Check out this thought-provoking article in Psychology Today suggesting that passion and perseverance, more than 'smarts' are the essential ingredients for success. Martin Seligman ("The Optimistic Child") and Angela Duckworth now have several articles in press (none free access yet) about how good habits of perseverance and self-discipline trounce I.Q.
The results are affirming, but not a complete surprise. The million dollar questions really are: 1. What can we do to improve self-discipline, and 2. How we encourage more students to discover their passion.
Excerpt:"In a series of provocative new studies at the University of Pennsylvania, researchers find that the gritty are more likely to achieve success in school, work and other pursuits -- perhaps because their passion and commitment help them endure the inevitable setbacks that occur in any long-term undertaking. In other words, it's not just talent that matters but also character. "Unless you're a genius, I don't think that you can ever do better than your competitors without a quality like grit," says Martin E. P. Seligman, director of the university's Positive Psychology Center.
Indeed, experts often speak of the "10-year rule" -- that it takes at least a decade of hard work or practice to become highly successful in most endeavors, from managing a hardware store to writing sitcoms -- and the ability to persist in the face of obstacles is almost always an essential ingredient in major achievements. The good news: Perhaps even more than talent, grit can be cultivated and strengthened."
At Cognitive Daily, the Mungers discuss the data in more detail. GPA is a much better correlate with self-discipline measures, than I.Q.
It seems pretty obvious that the status quo in education and the increasing emphasis on testing and NCLB, and not the best routes to excite students about the future. The worry is, we're just growing up more Twixters. From Time Magazine:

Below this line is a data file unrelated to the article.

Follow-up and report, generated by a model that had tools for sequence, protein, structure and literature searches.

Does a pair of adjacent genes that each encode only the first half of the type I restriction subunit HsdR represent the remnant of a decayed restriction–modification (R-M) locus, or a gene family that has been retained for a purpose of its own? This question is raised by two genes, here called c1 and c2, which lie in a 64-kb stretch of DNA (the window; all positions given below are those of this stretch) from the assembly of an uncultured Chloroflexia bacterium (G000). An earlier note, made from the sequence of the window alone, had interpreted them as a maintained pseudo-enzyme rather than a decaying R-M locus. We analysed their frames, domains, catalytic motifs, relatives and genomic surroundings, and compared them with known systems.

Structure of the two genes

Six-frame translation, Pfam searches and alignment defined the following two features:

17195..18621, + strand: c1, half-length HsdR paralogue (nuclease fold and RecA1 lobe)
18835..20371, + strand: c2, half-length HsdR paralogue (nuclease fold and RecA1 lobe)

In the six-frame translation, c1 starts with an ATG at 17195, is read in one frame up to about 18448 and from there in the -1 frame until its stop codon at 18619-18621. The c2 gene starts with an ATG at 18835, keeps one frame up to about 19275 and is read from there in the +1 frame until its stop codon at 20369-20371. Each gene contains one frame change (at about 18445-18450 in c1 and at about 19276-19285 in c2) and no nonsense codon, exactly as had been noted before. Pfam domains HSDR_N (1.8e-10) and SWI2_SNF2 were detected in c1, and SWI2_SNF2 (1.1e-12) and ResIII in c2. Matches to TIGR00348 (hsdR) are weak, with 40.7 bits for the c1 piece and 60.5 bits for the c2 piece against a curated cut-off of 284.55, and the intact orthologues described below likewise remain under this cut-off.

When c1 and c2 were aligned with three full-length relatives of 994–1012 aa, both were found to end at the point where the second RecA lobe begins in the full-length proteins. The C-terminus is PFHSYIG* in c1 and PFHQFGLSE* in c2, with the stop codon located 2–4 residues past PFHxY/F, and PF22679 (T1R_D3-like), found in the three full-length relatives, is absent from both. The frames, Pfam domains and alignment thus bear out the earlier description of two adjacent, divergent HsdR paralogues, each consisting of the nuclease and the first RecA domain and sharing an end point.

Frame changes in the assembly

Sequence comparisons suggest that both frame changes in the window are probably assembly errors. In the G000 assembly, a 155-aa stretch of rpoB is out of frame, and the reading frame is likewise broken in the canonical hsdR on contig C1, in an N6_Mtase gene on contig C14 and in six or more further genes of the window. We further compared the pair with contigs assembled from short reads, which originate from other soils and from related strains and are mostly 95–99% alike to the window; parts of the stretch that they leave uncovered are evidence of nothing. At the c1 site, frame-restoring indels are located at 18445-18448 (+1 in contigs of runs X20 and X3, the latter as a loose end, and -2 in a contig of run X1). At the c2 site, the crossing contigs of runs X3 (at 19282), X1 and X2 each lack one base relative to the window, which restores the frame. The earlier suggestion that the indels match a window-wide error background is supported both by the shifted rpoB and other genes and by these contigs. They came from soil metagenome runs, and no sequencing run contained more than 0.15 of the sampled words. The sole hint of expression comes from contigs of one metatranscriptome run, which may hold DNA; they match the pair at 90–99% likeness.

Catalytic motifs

"There was a time when people looked forward to taking on the mantle of adulthood. That time is past. Now the current culture trains young people to fear it."
It's not apathy or cynicism, but rather..
"...twixters are looking for a sense of purpose and importance in their work, something that will add meaning to their lives, and many don’t want to rest until they find it. 'They’re not just looking for a job,' Arnett says. 'They want something that’s more like a calling, that’s going to be an expression of their identity.' Hedonistic nomads, the twixters may seem, but there’s a serious core of idealism in them."
In middle and high schools today, some assessment and testing make sense for gauging the effectiveness of teaching and skill mastery, but without taking motivation into the calculation, couldn't we be missing the point?
If we really want these kids to fall in love with something, then we have to give them personal opportunities, time for discovery, and emotional and intellectual support. "Flow" needs to become an Essential Learning Requirement.
By the way, we are reading and enjoying Po Branson's What Should I Do With My Life?. It's not a how-to, or an inspirational read - but rather fairly uncut interviews with people talking about how they came to make major decisions about their lives and careers. It's surprising how long it takes us to realize what we don't like.
"If anything, people too often ignored the strong message of their experience. They failed to embrace it because they believed their calling was to be figured out intellectually...People say they have no idea where to start, but so often, even as they say that, there's some insight waiting for them in the experiences they've already had."
Some food for thought. Heart sometimes wins out over head.
Psychology Today: The Winning Edge
Self-Discipline Outdoes IQ, Abstract only
TIME Magazine: They Just Won't Grow Up